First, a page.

Clark College hosts its first Legislative Breakfast
Clark College held its first Legislative Breakfast on December 6, inviting legislative leaders in the districts that the college serves to hear more about the college’s achievements and challenges.
The event got off to a late start due to an unexpected snowfall that had begun the night before. Nevertheless, six legislators were in attendance: Washington State Representatives Paul Harris, Jim Moeller, Liz Pike, Monica Stonier, Brandon Vick, and Sharon Wylie. Clark College Board of Trustees members Jada Rupley, Sherry Parker, and Chair Royce Pollard also attended, as did many staff, faculty and students.
As guests enjoyed breakfast fare (including pastries provided by the college’s Culinary Arts-Bakery program), they were welcomed by Associated Students of Clark College (ASCC) President Dena Brill. President Bob Knight and Trustee Pollard also greeted attendees.
As a member of the Washington Community and Technical College system, Clark does not lobby the legislature directly, but Pollard laid out some of the key issues that Clark will be watching during the upcoming legislative session, including the continuing funding challenges created both by statewide budget problems and by underfunding of community colleges in particular. Also, Clark College’s north county project will be back before legislators this winter, as the project has been approved but funding has not yet been allocated. The project, which will provide a new Clark College facility in the northern portion of the Clark College service area, is likely at least 10 years away.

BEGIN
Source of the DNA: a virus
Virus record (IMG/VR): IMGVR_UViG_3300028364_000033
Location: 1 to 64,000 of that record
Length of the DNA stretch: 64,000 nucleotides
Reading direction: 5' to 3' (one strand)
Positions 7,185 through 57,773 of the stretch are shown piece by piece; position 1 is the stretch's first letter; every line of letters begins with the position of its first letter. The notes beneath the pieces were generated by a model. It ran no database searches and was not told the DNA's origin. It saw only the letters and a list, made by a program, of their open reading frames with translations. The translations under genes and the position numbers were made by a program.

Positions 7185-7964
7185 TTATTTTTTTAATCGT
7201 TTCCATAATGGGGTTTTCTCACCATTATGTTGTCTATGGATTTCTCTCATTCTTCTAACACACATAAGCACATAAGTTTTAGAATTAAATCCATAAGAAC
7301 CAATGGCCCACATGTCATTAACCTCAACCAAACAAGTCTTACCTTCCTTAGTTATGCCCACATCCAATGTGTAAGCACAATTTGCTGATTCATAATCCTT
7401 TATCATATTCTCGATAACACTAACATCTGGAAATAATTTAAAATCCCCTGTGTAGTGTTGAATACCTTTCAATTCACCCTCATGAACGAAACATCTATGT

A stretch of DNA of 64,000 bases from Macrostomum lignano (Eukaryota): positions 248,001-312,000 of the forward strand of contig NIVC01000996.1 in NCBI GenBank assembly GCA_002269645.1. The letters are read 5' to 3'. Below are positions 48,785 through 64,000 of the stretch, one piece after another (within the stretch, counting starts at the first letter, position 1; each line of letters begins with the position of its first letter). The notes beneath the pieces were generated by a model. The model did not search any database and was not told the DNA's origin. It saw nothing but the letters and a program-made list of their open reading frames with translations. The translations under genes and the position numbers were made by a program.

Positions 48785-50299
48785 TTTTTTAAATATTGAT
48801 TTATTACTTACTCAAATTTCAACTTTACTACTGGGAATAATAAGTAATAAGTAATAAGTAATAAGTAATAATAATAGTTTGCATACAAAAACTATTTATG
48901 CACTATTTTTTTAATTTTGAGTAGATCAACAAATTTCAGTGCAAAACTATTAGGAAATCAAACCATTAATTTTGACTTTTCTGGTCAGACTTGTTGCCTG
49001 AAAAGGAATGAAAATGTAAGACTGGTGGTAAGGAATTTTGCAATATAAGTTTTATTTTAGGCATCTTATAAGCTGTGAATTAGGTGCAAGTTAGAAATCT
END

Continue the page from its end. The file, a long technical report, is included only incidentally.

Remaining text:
President Knight spoke about the strong local support for the college, including some recent partnerships with business and industry, and about student success. Dean of Science, Technology, Engineering, and Math (STEM) Dr. Peter Williams provided legislators with a preview of many things happening in STEM and thanked them for their support of capital funding for two-year colleges. Clark College will break ground on a new STEM building in 2014.
Some of the biggest impact in the program came from Brill and another student, Darryl Ramsey, who is transitioning from military service to a career in network technology. Both students spoke to the legislators about the importance of the college in the community and in their own lives. They thanked the legislators for their support, and encouraged them to continue to keep Clark College in their minds as they went to Olympia.
Photos: Clark College/Jennifer Kirby